After John Thompson said goodbye to Patrick Ewing and before he said hello to Alonzo Mourning, he had a void at the center position. In light of the quality of the aforementioned players, it was a huge void. In 1987, Thompson brought seven-footer Ben Gillery to Georgetown from the junior college ranks. Gillery, in a word, was a "project" and he never quite panned out. What I remember about him was that he would start a game, be pulled at the first stoppage, and never return. I marveled at box scores where he was listed as a starter, played 2 minutes, and the rest of his line was filled with zeroes. It was like his only purpose was to win the jump ball.
In truth, my memory can’t be too accurate, since according to Jazzy J’s site, Gillery averaged about eight minutes a game during his career. So the two-minute games must have been rare. Nonetheless, I want to test how important a Ben Gillery as I remembered him would be. How important is it to win the opening tip?
Actually, what I really want to know is this: how important is it to have one more possession that your opponent? When computing possession statistics, by convention it’s assumed that each team has an equal number of possessions. But in reality, this doesn’t have to be true. Because teams alternate possessions, if one team starts and ends a half with the ball, they can have one more possession than the opponent in each half. This happens in roughly 50% of all games. Winning the opening tip doesn’t guarantee you an extra possession for the game, but it certainly increases your chances.
To demonstrate how much of an advantage this is, I’ll use the Pythagorean formula. As regular readers have figured out by now, I think this formula can be used to solve any of college basketball’s great mysteries. And here’s another example.
Let’s say teams A and B both average a point per possession. In a 70 possession game, you’d expect each team to score 70 points (totally ignoring defense). So A’s expected winning percentage against B would be…
70^10 / ( 70^10 + 70^10 ) = .500
We didn’t need to work through this formula to know that Team A has a 50% chance to beat a team equal to it. But what if Team A gets an extra possession? They would be expected to score 71 points in their 71 possessions. Their expected winning percentage in this scenario would be…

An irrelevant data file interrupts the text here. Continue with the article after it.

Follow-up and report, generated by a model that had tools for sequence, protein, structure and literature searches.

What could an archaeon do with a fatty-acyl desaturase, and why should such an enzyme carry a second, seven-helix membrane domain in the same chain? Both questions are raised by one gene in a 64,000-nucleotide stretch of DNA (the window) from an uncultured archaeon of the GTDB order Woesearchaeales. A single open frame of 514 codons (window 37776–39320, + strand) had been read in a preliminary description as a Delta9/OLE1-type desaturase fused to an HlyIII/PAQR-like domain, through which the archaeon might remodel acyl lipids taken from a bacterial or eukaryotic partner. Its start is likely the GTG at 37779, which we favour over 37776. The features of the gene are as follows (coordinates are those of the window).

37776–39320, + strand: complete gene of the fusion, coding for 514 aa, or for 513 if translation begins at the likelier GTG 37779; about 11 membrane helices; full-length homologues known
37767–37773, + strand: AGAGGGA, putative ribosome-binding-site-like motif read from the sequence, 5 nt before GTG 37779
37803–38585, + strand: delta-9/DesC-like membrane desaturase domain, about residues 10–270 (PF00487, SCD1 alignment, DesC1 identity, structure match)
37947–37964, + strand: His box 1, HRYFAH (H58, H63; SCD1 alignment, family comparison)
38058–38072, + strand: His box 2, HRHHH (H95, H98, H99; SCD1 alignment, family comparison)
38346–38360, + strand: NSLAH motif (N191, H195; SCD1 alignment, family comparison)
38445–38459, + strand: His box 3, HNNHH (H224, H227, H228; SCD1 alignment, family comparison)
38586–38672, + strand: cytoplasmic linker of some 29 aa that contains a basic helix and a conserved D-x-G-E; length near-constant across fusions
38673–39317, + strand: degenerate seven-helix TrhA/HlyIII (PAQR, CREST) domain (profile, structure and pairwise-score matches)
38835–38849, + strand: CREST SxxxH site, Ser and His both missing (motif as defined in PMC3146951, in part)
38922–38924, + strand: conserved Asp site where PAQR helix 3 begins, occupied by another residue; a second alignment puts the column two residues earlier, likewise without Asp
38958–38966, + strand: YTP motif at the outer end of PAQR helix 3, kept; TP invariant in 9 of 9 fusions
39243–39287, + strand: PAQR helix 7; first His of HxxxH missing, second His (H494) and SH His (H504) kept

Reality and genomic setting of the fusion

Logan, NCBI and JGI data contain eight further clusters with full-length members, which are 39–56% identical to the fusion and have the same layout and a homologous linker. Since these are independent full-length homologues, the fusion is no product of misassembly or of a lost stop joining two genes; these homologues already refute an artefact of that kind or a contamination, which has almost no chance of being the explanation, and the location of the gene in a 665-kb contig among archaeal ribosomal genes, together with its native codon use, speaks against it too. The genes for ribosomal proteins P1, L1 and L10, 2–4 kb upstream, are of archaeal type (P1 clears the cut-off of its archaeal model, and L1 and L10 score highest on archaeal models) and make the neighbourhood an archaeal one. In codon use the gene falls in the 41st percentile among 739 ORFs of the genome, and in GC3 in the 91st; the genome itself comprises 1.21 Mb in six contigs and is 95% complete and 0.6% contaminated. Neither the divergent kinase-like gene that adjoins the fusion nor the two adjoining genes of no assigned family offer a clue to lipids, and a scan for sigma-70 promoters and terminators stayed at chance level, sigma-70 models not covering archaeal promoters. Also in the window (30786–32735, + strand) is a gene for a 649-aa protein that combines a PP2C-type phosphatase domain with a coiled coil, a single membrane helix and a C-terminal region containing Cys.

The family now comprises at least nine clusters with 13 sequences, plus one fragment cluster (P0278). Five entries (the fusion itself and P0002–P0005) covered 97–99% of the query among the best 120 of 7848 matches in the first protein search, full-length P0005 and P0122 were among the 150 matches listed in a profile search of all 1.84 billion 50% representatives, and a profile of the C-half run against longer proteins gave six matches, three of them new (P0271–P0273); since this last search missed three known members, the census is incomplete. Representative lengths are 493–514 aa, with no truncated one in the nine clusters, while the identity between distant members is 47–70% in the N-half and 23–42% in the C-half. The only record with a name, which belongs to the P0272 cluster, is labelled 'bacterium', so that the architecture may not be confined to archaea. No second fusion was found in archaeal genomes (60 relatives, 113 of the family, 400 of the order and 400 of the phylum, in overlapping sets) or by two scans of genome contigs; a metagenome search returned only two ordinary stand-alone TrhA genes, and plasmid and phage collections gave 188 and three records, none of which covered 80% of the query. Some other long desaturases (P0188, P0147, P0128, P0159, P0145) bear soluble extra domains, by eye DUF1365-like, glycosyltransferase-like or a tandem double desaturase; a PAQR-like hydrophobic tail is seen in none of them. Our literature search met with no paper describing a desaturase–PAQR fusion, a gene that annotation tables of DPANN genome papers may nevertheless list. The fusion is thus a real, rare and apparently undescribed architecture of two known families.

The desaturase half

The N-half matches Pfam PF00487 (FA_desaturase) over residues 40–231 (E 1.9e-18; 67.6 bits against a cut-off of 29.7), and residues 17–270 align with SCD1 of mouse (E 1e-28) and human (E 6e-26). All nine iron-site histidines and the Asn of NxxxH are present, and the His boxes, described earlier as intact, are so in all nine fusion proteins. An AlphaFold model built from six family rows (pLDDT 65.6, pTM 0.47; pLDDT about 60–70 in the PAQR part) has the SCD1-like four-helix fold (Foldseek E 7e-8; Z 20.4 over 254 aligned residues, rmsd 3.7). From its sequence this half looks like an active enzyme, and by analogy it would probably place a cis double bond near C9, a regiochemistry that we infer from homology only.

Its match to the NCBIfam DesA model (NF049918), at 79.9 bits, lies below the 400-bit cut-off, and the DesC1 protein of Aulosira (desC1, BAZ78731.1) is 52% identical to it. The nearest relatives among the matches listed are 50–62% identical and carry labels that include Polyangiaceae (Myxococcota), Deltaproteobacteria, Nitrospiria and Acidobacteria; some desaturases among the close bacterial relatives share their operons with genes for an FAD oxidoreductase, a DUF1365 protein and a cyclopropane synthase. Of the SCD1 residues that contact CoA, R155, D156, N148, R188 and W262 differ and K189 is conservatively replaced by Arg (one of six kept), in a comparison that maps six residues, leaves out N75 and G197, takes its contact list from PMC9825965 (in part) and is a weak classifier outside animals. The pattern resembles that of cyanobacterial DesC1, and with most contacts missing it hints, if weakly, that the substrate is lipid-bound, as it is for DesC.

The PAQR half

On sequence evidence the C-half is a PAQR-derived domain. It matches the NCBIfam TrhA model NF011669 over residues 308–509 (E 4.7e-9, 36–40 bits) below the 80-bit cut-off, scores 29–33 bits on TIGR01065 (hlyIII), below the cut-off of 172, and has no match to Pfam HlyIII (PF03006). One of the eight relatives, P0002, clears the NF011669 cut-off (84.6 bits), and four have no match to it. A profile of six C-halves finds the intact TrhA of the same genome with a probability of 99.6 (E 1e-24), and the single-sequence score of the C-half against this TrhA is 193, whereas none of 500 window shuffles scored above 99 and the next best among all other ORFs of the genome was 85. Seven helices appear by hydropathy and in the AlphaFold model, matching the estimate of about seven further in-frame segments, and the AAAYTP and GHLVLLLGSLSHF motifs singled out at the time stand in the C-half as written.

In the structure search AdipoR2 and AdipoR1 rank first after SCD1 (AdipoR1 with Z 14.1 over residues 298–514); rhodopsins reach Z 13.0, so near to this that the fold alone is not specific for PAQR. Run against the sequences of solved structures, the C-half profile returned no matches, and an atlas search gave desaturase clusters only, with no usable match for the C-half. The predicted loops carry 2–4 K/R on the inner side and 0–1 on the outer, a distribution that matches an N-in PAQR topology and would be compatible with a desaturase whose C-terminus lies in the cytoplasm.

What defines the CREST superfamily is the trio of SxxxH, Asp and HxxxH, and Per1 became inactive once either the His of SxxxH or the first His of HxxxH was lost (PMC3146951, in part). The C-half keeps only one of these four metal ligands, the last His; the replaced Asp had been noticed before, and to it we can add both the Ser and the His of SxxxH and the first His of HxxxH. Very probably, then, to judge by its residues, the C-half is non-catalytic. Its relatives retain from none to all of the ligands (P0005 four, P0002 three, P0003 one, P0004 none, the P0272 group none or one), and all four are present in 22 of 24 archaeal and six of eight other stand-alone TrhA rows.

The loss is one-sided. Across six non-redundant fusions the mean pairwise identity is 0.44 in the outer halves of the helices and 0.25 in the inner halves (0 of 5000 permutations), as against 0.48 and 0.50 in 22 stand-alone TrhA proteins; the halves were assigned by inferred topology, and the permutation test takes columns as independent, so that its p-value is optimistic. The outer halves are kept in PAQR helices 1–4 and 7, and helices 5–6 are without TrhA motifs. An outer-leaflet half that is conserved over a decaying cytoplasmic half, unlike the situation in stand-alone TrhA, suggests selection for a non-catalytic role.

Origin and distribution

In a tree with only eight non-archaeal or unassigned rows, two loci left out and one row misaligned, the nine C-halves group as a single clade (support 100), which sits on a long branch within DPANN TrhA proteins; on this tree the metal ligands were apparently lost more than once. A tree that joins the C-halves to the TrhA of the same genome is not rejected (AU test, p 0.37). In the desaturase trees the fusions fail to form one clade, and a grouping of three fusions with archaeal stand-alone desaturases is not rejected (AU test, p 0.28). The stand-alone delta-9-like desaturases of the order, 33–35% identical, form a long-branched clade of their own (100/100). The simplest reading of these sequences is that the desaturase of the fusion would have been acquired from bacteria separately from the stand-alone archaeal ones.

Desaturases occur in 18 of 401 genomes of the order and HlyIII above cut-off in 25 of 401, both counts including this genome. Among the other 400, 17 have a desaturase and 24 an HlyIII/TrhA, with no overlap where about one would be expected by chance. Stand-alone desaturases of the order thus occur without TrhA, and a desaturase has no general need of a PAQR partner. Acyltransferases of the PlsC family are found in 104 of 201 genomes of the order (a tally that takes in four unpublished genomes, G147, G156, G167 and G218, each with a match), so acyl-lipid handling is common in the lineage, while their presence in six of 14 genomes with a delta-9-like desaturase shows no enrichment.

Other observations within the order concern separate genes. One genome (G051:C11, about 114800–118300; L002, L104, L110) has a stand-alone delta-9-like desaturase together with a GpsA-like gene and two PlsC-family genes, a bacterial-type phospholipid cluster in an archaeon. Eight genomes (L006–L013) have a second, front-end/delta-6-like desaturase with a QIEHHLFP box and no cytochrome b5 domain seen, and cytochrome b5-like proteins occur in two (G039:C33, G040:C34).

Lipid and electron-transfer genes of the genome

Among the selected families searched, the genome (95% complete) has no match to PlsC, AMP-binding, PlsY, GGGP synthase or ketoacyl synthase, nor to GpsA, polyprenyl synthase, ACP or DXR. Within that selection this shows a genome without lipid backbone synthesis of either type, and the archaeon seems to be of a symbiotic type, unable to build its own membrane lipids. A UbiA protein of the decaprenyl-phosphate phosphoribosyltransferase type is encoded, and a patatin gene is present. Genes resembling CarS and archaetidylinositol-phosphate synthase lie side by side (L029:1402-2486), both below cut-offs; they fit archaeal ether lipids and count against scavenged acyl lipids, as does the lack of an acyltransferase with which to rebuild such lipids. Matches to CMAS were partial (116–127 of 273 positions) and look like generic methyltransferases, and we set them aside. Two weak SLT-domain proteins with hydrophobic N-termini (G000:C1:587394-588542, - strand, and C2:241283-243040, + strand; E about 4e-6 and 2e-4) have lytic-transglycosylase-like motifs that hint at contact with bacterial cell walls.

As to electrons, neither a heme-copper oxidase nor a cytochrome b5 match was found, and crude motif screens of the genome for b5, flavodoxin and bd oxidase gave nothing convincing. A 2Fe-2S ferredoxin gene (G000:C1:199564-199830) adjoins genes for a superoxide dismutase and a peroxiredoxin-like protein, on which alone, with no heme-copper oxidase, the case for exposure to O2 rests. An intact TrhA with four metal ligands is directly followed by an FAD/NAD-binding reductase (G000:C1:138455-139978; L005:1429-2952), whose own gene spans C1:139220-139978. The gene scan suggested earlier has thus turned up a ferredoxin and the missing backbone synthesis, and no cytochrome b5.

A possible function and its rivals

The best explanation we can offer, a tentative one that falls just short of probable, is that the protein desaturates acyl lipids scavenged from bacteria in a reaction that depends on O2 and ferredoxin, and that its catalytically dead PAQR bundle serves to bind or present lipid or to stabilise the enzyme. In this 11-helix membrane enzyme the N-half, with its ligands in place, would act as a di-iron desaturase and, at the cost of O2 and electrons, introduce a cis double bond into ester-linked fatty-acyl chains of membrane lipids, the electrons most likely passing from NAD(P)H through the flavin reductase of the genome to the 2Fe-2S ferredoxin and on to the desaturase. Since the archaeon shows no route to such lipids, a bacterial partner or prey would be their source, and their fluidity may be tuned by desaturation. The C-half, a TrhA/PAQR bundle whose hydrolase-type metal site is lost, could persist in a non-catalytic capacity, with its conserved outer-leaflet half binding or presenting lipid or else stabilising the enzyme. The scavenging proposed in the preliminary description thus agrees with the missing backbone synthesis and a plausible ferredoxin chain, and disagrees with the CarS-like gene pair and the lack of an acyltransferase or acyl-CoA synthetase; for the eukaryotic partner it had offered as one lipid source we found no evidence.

71^10 / ( 71^10 + 70^10 ) = .535
So the Gillery effect results in an increased chance of winning of 3.5% in this case. As I said before, winning the tip does not guarantee an extra possession. But in the long haul, teams winning the tip will average about a half a possession more than their opponent. (Actually, for reasons I won’t get into it’s probably slightly less than that.) Since losing the tip results in a loss of a half possession, it’s accurate to say that the tip itself is worth a possession.
Naturally, in a game with fewer possessions, the tip is more valuable. Here’s a list of the increased chance of winning in games with various tempos.
Incr. in Poss Win% 85 2.9 80 3.1 75 3.3 70 3.5 65 3.8 60 4.1 55 4.5 50 4.9
So in those methodical Horizon League games, the tip means more than in the relatively frenetic ACC games.
But this is the best case scenario. As teams become more unequal, the extra possession means less. If All-American Team is playing Intramural Scrubs, it doesn’t matters who gets the extra possession, All-American Team will win all of the time.
For a more realistic example, let’s use teams that average 1.1 and 0.9 points per possession. With each team getting 70 possessions, Team A wins 88.1% of the time…
77^10 / ( 77^10 + 63^10 ) = .881
Give Team A an extra possession and that figure improves to 89.6…
78.1^10 / (78.1^10 + 63^10 ) = .896
That’s a difference of only 1.5%, compared to 3.5% for the game between equal teams.
This is more than we really needed to know on the impact a seldom used Georgetown center had on the game over 15 years ago. Nonetheless, this exercise illustrates that the jump ball is more than a ceremonial start to the game.